Dec 6, 2017

Rising Waters, Threatened Campuses

Norfolk, VA
Ben Myers and Erica Lusk
The Chronicle of Higher Education

When the water comes, the familiar campus life will come to an end. Classes will be relocated or moved online; students will be forced to abandon the deluged library; campus construction plans will have to be overhauled, if not scrapped.

The impact is almost unimaginable, but it is only a matter of time. That the climate is changing and the seas will continue rising are no longer in question. The uncertainty now is how much and how soon.

For many colleges and universities on America’s coasts, the threat is no longer theoretical. Sea-level rise — along with increased stormwater from altered weather patterns and the possibility of more-frequent, more intense hurricanes — is already a concern.

Here’s how four colleges, urban and rural, from Virginia to California, are struggling to prepare for the future. Several face difficult circumstances because of local politics as well as their locations. And although the threats are clear, the cost of preparation often discourages action or puts off efforts to build in resiliency, as immediate problems are dealt with.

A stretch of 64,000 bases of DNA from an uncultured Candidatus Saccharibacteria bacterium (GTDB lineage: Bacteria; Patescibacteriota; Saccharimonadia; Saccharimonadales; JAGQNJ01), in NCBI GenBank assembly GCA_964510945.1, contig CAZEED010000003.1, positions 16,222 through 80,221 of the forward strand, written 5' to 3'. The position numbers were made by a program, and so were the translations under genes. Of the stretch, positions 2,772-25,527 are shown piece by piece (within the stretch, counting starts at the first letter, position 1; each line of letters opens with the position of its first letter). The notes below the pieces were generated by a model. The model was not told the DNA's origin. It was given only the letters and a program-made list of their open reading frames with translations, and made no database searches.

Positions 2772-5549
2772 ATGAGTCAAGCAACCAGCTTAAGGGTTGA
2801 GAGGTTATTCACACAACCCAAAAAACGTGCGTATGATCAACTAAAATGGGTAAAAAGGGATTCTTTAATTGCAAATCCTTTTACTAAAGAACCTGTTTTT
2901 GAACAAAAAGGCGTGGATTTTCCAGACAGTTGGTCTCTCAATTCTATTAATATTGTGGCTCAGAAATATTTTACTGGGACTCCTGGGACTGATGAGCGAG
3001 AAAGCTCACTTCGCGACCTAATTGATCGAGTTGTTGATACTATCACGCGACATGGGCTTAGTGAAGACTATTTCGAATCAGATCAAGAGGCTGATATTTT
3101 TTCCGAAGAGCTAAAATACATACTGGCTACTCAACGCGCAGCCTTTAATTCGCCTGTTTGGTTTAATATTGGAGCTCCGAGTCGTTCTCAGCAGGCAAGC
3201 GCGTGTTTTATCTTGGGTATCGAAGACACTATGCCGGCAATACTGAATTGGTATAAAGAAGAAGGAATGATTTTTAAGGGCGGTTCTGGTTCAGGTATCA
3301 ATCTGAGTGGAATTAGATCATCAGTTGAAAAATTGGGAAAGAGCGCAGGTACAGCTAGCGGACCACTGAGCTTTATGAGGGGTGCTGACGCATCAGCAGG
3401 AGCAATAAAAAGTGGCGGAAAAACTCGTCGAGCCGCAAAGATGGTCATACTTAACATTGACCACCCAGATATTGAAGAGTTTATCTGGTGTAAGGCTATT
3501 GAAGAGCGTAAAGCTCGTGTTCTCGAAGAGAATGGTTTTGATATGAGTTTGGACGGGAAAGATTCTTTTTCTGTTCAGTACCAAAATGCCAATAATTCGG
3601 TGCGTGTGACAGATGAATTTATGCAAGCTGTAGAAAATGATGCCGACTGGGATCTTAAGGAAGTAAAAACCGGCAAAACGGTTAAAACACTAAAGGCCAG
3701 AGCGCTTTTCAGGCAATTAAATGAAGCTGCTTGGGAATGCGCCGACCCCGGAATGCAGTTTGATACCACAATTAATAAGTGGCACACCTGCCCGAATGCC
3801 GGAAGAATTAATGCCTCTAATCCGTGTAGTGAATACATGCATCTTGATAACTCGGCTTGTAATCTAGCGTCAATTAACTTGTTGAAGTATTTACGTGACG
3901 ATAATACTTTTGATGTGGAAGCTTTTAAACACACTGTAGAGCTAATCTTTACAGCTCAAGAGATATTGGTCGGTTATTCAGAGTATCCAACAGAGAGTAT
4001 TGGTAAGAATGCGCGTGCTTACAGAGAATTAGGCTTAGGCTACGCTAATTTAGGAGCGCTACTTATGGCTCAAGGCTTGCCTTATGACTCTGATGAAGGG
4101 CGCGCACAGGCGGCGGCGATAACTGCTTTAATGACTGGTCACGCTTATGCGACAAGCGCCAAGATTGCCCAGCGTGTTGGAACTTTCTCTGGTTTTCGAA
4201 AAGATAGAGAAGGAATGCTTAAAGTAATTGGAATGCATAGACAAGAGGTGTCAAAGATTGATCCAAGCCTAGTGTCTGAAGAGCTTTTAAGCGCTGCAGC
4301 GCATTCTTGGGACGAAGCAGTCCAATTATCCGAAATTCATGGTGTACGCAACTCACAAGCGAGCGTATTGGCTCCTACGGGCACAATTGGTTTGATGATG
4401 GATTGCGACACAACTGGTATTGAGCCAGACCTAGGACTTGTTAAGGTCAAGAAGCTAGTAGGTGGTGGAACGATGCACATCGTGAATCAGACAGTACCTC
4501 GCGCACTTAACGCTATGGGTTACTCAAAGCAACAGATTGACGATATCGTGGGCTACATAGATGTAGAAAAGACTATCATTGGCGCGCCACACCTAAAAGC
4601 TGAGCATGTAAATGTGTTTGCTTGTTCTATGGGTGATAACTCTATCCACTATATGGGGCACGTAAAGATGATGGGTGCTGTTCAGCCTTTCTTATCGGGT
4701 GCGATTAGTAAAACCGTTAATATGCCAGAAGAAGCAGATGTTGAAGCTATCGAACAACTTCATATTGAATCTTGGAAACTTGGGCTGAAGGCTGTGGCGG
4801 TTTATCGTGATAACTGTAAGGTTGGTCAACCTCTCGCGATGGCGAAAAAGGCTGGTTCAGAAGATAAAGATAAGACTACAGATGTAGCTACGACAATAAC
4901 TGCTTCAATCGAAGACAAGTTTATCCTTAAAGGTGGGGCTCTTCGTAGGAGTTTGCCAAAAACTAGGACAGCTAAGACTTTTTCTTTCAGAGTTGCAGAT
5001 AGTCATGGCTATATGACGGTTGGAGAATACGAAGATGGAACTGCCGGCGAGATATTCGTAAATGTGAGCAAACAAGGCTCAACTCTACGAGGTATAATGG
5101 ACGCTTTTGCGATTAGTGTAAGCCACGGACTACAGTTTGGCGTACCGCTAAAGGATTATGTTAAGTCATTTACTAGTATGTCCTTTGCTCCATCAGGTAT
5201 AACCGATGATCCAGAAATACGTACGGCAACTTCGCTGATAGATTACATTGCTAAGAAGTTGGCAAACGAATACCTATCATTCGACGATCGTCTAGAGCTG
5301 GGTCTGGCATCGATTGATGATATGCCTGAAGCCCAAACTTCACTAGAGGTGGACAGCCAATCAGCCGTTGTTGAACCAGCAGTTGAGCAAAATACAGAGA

For Old Dominion University, in Norfolk, Va., combating floods is nothing new. The public institution has worked for decades to ward off water from its 251-acre campus. But the continuing rise in sea level threatens to exacerbate the problem for the campus and its community. “I don’t have any choice but for it to be top of mind,” says Old Dominion’s president, John R. Broderick. “How does this play into the day-to-day life of our students, our faculty, and staff?”

The region is second only to coastal Louisiana when it comes to the peril of a rising sea, andchronic flooding worsens by the year. The region’s plight is complicated further by land subsidence, which, though unrelated to climate change, has lowered the ground elevation by 3.3 millimeters a year over the past century, allowing more floodwaters. Currently, “nuisance” flooding — when waters at high tide cause inconveniences like flooded roadways — is a regular occurrence. As recently as November, a King Tide brought floodwaters on a calm, sunny day, to an area that included parts of Old Dominion’s campus.